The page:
After arriving in St Amand-Montrond for the TT finish, I packed up my bike for its transfer to Paris. I scoped a spot opposite a big screen just a few hundred metres shy of the finish line and soaked up the sun and atmosphere.
In cycling the time trial is known of "The Race of Truth" because, well, there isn't anywhere to hide. Each cyclist is let off individually, and they race against the clock in their race against one another.
Today, like never before, would be truth time for Cadel Evans. He was in 4th place overall; 1:34 down on the yellow jersey of Carlos Sastre. Frank Schleck and Bernard Kohl were only seconds ahead of him on the standings. Sastre was the one he had to reel in.
All of us in the tour group were hopeful, some even confident, that Cadel could do it. Sastre had never been known as a strong time triallist...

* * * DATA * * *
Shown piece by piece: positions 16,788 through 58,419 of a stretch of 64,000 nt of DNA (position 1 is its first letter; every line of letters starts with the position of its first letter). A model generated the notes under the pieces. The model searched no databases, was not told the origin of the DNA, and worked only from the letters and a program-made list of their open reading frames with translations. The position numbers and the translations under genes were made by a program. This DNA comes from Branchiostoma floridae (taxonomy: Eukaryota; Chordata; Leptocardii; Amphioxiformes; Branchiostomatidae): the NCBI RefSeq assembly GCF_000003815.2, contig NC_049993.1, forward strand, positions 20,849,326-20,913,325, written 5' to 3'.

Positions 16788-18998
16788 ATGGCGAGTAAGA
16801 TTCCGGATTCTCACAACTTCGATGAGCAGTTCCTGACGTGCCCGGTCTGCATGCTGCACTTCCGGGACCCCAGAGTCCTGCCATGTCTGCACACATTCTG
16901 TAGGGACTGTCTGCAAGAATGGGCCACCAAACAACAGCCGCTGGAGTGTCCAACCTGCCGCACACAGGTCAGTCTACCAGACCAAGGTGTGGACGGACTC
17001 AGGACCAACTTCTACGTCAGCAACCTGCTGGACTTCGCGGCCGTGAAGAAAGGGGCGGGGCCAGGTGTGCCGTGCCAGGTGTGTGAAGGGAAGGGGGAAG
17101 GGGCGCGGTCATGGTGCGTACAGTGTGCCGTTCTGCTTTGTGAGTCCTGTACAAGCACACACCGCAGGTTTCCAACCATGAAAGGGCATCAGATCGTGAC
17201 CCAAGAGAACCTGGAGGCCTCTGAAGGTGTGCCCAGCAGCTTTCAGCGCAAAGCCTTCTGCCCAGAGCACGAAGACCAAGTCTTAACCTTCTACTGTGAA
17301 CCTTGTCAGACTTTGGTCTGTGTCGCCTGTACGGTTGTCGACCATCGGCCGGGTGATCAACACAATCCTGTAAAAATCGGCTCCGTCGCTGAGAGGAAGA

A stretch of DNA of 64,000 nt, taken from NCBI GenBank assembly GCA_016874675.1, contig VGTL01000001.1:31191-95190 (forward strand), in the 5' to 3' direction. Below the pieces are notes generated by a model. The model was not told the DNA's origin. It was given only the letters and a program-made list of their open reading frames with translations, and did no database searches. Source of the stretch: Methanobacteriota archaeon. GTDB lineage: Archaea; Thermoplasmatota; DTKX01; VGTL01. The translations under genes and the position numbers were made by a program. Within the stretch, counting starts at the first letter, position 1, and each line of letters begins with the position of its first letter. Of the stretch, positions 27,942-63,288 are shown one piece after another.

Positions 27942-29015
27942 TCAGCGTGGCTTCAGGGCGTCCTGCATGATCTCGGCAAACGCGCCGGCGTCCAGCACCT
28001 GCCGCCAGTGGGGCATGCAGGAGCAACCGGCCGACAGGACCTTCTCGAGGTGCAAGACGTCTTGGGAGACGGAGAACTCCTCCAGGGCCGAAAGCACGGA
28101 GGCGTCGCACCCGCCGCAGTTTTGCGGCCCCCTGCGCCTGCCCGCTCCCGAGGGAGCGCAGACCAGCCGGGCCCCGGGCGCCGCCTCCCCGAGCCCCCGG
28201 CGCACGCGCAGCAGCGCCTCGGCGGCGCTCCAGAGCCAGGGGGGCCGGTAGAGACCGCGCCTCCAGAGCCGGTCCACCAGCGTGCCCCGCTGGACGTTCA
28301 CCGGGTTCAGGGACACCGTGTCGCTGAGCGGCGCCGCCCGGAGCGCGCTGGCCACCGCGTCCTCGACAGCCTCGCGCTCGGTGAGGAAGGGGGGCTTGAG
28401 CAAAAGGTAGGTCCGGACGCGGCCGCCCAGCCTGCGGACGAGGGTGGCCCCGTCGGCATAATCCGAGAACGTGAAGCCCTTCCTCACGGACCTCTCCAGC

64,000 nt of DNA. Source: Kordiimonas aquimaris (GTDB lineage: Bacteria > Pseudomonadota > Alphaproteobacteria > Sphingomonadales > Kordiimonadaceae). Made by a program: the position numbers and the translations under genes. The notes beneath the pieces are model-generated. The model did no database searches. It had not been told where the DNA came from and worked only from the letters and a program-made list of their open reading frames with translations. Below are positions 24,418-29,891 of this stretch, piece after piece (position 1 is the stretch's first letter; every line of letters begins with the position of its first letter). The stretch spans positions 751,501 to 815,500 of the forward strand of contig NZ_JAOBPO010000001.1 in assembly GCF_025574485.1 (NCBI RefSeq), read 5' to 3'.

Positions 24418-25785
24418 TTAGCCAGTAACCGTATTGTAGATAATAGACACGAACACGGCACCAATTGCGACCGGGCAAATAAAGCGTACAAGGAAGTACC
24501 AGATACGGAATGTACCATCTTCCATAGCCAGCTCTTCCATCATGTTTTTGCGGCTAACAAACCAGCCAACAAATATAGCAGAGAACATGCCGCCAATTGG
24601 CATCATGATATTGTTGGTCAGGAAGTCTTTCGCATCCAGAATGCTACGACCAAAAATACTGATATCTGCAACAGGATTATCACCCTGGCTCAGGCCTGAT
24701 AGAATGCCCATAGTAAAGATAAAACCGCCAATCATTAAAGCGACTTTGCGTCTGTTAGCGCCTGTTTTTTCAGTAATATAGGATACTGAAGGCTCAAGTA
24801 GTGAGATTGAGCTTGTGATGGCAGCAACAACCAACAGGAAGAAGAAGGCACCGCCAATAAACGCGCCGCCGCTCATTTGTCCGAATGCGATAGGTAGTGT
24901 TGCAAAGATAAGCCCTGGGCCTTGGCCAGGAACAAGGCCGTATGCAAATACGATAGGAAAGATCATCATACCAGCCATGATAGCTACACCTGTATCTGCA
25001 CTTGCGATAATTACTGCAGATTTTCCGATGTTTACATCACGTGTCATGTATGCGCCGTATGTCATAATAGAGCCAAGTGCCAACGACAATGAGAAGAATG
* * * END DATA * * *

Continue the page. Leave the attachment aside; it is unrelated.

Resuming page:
One by one, the cyclists started, and came through the finish. Finally, after what seemed like hours, we saw on the big screen that Cadel was being counted down and waved off by the starting official. He put in a solid ride, unfortunately today needed to be more than "solid". It needed to be the time trial of his life.
Even more unfortunately, the man who was having the time trial of his life was Carlos Sastre. Phil Liggett was once again being proven right in his theory that the yellow jersey somehow allows men to ride themselves into some confidence. Or ride like two men. Or like men with three legs.
Yes, Phil Liggett sure has a unique way with words...
Before we knew it, though, Sastre and his yellow jersey had ridden himself to a Tour de France victory. Cadel Evans had ridden himself out of the one thing that had haunted him since this time last year.
It was a sombre group that returned to the bus for transit to our hotel. At least when we got there, we enjoyed one of the best meals of the trip.